Discussion in 'General Discussion' started by Disambiguation, Jun 3, 2020.
“ Protests are continuing across the United States – and worldwide – more than a week after the death of George Floyd. Demonstrations on Tuesday were largely peaceful, with occasional but less intense clashes between protesters and law enforcement.
Defense Secretary Mark Esper said Wednesday he opposes invoking the centuries-old Insurrection Act to deploy active-duty troops to states to quell protests. His stance directly contradicts President Trump, who threatened on Monday to send the military to states that are unable to "dominate the streets" in response to large demonstrations.
Overnight curfews aimed at containing violence and looting are in effect this week in cities across the country. ”
with a police helicopter overhead
Lifetime risk of being killed by police
As protests continue, so does the coronavirus
WASHINGTON — As the country turned its attention to one crisis, it turned away from another.
In the last 24 hours, there were nearly 20,000 confirmed coronavirus cases inside the United States, as well as more than 1,000 reported deaths — bringing the total to nearly 107,000 Americans killed by the virus.
And the question becomes: Is the lack of social distancing in cities across the country going to lead to a spike in new cases?
New Zealanders perform haka in front of US consulate for Black Lives Matter
The city (and federal district) of Washington DC painted this on the city street. Here it is visible from space. Mayor Muriel Bower named the park opposite the White House “Black Lives Matter Square” and evicted the groups of prison guards and Utah National Guard from the city. They were involved with suppressing the protests and did not wear identification.
Who Are They? Unmarked Security Forces in DC Spark Fear
The presence of unmarked federal law enforcement officers, dressed in paramilitary uniforms and wearing no identifying insignia, quickly spread among protesters marching through Washington, D.C.’s streets on Tuesday and Wednesday, causing concerned protesters and officials to ask: Who are they?
In some locations, security personnel refused to identify themselves to journalists and protesters who asked which agency sent them, answering only that they worked for the federal government. In other places, they identified themselves as working for the Department of Justice. Some carried rifles, or were equipped with body armor, riot shields, and pepper spray canisters.
Two such clad security members in Washington on Tuesday night identified themselves to Defense One as part of a specialized emergency response force run by the Bureau of Prisons — part of the Justice Department — to help maintain security at correctional facilities. They and others are part of what’s known as the bureau’s Special Operations Response Teams, or SORTs. NPRreported on Monday that Attorney General Bill Barr had ordered BOP to send its specialized riot response teams to assist with the local D.C. law enforcement with the civil unrest that has engulfed downtown Washington this week.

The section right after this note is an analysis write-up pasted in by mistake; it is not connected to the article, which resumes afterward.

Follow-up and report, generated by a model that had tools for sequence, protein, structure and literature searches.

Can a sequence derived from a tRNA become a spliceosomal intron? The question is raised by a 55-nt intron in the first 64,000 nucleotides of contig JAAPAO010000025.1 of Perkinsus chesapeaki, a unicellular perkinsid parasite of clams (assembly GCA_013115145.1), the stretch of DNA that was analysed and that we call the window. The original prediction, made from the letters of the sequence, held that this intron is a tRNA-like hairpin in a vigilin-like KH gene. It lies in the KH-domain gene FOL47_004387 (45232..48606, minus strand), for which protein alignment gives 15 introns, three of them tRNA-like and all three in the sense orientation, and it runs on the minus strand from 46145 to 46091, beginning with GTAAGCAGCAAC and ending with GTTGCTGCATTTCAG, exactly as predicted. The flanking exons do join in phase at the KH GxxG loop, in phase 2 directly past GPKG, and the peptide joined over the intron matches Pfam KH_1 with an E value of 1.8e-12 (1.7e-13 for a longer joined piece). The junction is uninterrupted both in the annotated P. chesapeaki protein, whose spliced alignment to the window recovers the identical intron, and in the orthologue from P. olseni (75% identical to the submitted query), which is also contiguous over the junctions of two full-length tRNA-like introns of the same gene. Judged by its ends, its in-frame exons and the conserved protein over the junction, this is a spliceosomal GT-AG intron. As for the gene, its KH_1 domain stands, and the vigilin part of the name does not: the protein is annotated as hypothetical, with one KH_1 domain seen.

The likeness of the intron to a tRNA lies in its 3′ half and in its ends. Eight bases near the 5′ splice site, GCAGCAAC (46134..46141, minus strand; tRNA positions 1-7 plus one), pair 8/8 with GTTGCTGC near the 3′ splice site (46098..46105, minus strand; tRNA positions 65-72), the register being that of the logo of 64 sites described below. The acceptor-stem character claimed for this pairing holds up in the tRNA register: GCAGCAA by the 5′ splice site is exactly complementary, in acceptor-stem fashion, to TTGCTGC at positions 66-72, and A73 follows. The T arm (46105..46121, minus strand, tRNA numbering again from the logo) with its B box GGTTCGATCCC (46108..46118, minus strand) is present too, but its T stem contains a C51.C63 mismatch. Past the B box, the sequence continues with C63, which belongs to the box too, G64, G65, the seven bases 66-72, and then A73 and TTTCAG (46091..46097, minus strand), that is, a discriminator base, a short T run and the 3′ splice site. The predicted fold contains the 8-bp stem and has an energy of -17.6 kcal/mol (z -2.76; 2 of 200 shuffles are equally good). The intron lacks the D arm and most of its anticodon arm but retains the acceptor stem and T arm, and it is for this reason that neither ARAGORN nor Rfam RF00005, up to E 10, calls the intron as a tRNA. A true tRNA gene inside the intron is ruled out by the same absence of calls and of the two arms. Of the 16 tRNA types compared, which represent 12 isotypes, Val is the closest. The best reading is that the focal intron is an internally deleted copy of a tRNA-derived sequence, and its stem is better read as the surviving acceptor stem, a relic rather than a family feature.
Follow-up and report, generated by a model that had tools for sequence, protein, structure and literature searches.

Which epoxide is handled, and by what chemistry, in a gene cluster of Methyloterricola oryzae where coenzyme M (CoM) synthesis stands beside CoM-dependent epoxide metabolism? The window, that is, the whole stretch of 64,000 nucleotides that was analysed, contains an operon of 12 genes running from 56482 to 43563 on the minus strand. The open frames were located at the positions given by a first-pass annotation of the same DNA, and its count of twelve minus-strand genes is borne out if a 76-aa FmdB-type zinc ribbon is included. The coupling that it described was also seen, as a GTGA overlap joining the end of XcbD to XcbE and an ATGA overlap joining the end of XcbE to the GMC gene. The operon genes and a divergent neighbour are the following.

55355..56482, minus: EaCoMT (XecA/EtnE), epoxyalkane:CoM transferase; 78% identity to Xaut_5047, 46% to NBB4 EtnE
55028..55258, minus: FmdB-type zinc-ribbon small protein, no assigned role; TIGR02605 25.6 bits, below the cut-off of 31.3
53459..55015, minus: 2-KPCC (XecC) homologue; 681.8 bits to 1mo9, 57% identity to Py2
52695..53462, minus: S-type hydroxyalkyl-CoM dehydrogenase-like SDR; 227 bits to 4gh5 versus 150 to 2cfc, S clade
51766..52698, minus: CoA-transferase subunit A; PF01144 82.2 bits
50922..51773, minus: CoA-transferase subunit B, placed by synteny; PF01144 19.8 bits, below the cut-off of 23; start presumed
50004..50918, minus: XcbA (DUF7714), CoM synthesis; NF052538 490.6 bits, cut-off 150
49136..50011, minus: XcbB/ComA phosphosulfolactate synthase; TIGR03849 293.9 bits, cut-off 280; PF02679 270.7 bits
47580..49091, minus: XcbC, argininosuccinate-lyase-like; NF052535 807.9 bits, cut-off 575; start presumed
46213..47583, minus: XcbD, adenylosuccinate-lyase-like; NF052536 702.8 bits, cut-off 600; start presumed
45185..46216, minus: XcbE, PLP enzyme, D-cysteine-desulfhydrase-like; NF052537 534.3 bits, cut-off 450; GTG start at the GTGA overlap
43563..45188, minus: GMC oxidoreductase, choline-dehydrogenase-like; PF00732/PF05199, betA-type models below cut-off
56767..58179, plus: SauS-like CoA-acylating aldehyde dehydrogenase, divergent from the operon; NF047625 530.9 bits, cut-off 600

On Wednesday, protesters, former national security officials, and legal analysts raised alarms about the refusal of these units to identify their specific agency, and the legal authority under which they are operating. Some critics compared the units to “little green men” — a reference to the unmarked Russian soldiers who appeared in Crimea, Ukraine, prior to its 2014 annexation by the Russian Federation and were compared to the classic plastic toy soldiers. A few of the personnel in Washington on Tuesday wore patches identifying them as BOP or SORTs, but many did not.
“There is no generic DOJ police force, obviously. No badges, no identifying info, refusal to say who they represent — it’s like Russia’s little green men have taken over the nation’s capital,” tweeted Matt Miller, a former DOJ spokesman under President Barack Obama.
Other analysts expressed concerns that tactical teams trained to deal with prison riots by inmates may not know how to cope with civilian unrest on city streets.
BOP officers “are trained for specific missions in specific conditions quite different from working with U.S. civilians—convicted of no crime—exercising their protected 1st A rights,”
all lives matters ?
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